Understanding Firearm Cleaning and Preservation.
11.The heart and sole of any firearm is the barrel, it is the most difficult part to replace or repair, so much depends upon its accuracy and performance, it dictates that it must deserve the most attention. That is why the most important item of cleaning equipment is a well fitting, one piece cleaning rod, with a thread on one end to interchange with a brush and jag and a revolving handle on the other end.
12. ‘Pull throughs’, are available and they can be used to spread some oil in a barrel and even dry it out before shooting it but they can never clean a barrel properly and predictably break when you need them most. ‘Pull throughs’, would have to be near the top of the list of obstructions that gunsmiths are continually asked to remove from barrels.
13. The scenario seems to go like this, they are a 1000 miles from nowhere, they sensibly want to take the oil out of the barrel before shooting, as the oil itself is an obstruction as it hydro-statically blocks the progress of the projectile, the “pull through” has a piece of flannel attached to the loop the weight is dropped down the barrel, and drawn through, the disaster occurs, the string breaks, the wad is stuck. Is it a 1000 miles drive home to get a cleaning rod, yes that would be the end of the shooting holiday. So they try a piece of fencing wire, or a stick, or a straightened coat hanger. During my years removing such obstructions I have found nails, one on top of the other, golf tee’s, paper clips, battery acid, fountain pen tops, car aerials, fishing rods, chain link, bottle cleaners, welding rods. What the inventive human mind will use in desperation is nothing short of brilliant, but little of it works, when they jam it full, then they try and hammer the muzzle with a punch this just compacts the mess in the barrel. They then get really inventive, they hold it over a camp fire to burn it out, ending up with a barrel full of compressed charcoal, then they put a hose on one end and try and wash the charcoal out. By the time the gunsmith has it handed to him some weeks later corrosion has taken its toll, as well. As you can imagine the most likely conclusion is a $1000 firearm that has been turned into a bag of parts.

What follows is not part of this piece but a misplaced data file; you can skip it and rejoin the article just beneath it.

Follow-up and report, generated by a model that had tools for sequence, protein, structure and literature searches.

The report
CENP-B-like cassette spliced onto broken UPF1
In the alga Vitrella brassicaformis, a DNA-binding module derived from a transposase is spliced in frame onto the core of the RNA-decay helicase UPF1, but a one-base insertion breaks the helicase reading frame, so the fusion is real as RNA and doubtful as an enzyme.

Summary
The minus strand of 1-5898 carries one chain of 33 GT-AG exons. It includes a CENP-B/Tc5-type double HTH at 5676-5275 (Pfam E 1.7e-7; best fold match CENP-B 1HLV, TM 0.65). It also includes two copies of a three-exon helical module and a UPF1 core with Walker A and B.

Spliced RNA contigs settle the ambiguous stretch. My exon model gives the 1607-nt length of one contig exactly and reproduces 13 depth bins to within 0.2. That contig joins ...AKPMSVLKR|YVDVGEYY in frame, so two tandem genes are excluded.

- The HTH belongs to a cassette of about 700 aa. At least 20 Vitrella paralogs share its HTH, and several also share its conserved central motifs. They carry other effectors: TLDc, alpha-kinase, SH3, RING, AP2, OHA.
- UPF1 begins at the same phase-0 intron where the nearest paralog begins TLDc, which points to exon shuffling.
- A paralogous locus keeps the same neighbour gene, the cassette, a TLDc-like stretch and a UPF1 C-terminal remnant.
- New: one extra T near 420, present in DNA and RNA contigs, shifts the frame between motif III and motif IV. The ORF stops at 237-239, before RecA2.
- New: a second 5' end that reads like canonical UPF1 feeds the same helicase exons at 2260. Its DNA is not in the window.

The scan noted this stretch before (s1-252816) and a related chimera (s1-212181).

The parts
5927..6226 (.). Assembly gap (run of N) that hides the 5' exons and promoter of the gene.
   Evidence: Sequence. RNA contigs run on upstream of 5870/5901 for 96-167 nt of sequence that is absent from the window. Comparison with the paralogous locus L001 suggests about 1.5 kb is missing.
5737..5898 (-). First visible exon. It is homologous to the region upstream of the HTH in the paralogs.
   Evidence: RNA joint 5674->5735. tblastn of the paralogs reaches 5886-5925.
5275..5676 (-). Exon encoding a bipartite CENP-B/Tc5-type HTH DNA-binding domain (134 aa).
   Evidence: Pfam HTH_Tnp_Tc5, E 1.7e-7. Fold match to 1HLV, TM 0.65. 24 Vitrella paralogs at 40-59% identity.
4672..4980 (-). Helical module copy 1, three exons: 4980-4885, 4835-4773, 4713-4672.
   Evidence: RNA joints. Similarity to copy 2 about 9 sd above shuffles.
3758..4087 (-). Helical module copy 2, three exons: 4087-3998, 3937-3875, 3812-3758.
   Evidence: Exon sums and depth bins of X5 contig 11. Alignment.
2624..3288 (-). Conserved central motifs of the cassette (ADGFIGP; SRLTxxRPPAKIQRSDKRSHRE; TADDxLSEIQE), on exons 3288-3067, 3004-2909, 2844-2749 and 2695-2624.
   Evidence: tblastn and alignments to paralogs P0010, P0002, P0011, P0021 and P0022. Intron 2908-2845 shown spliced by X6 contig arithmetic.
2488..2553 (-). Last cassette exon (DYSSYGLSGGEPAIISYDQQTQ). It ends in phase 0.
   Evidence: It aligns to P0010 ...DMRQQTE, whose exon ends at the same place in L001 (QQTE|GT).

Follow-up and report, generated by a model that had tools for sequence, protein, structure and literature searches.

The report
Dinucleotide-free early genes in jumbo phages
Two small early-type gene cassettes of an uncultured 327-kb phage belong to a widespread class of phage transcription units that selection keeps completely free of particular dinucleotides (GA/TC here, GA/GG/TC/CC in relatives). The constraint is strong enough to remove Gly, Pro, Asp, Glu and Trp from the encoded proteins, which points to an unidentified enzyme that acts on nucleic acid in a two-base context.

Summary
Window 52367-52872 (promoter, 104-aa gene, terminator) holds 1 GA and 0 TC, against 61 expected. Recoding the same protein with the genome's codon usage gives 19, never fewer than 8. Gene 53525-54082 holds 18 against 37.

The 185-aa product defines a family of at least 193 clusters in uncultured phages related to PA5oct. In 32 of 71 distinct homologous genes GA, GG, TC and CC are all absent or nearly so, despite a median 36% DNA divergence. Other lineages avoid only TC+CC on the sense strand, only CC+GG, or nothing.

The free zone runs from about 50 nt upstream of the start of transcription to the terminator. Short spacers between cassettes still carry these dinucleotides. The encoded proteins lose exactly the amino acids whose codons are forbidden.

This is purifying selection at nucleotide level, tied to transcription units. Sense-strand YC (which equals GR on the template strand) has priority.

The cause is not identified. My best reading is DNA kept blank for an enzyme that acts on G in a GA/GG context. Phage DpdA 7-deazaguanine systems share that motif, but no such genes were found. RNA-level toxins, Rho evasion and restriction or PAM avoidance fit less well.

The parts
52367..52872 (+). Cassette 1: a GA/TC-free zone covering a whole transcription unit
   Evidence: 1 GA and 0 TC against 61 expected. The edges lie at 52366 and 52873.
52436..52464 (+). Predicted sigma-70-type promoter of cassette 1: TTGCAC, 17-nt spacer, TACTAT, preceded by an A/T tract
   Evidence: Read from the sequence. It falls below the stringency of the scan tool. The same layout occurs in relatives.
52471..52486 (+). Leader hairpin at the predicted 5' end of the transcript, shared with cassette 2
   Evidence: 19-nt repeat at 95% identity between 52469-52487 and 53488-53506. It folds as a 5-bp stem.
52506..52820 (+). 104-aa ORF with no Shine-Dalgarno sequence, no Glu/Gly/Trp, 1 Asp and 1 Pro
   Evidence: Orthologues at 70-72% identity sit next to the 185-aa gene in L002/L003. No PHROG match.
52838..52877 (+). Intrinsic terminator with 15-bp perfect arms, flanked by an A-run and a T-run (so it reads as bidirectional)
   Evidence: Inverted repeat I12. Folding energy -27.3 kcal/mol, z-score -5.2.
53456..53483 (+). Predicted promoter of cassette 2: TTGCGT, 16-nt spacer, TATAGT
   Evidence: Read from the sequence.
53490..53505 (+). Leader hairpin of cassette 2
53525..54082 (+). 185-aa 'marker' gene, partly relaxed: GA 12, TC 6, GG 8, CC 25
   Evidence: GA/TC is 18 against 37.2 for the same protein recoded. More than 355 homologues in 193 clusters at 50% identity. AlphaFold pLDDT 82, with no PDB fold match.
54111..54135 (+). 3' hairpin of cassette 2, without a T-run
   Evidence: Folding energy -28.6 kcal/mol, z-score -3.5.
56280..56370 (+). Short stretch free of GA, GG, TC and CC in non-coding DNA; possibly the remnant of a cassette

14. Do yourself the greatest of favours buy a cleaning rod, keep it under the seat of the vehicle or in the gun box or gun bag, they take very little room up and if weight is a problem take a smaller can of beer!
15. When selecting a cleaning rod a one piece one, has to be preferred to one in sections(even though it looks compact and neat, you lose the sections anyway) as it much stiffer, and has less tendency to bend. When a cleaning rod bends in use it will rub the sides of the valuable rifling, hopefully the material that your barrel is made of will be harder and tougher than the stainless steel, or steel in your cleaning rod, thankfully that is usually the case, but not always.
16. Plastic coated rods are a poor choice as the plastic lining becomes grime and grit impregnated. Then as the rod bends, as the plastic has no strength, (its only purpose is to make the steel look more substantial), the impregnated plastic acts like sand paper polishing away important sections of your barrel. If you can only purchase a plastic coated rod, (if its still going to be ridged and strong enough as with the Parker-Hale Rods,) strip of the plastic coating and use it without the plastic coating. The solvents eventually rot the plastic coating anyway.
17. Steel is a bit of a worry though as without having it Rockwell hardness tested, you cannot ascertain how hard it is in relation to your barrel steel and the friction damage you could do could be depressing at a later date. Hopefully the steel yours is made from will be stiff and unbending and softer then your barrel steel.
18. Brass is nice and soft but its difficult to find it tough enough in a diameter less then .22 so that it won’t distort and bend permanently. Its ability to reform itself after bending (memory) is where it mainly fails. Brass Cleaning Rods are also so soft that the surface can absorb grit and when two metals are in moving contact the softer will carry the grit and abrasives and wear the harder. Brass in shotgun cleaning rods is just fine as they can be over (.5) half an inch in diameter and should never touch the inside of the barrel.
19. Stainless steel is the very best of them all, the grade is a lot softer than barrel steel so friction wear is not a problem and they are stiff enough not to bend permanently and have good memory if they do have slight bending when pushed it regains its shape when the pressure is off. The surface of the stainless steel is too hard to allow grit to be compressed into it.
The rod should be about .203 inch for a.22 and .250 inch for barrels and .270 for .30 calibre firearms, and should have a strong rotating handle.
20. The rod of course should be 6 inches longer than the combined barrel and receiver that you wish to clean. The thread at the tip end should take the thread of a brass or bronze brush and a brass Jag which is serrated so that the cleaning flannel patch will not slip off it. If possible do not select brass or plastic loops for flannel as they are easily broken and only apply pressure and clean on two opposite 180 degree sides and leave the other two untouched.
Shot gun rods due to their size can be made of wood or brass and have a thread which provides for a brush and Jag for flannel.
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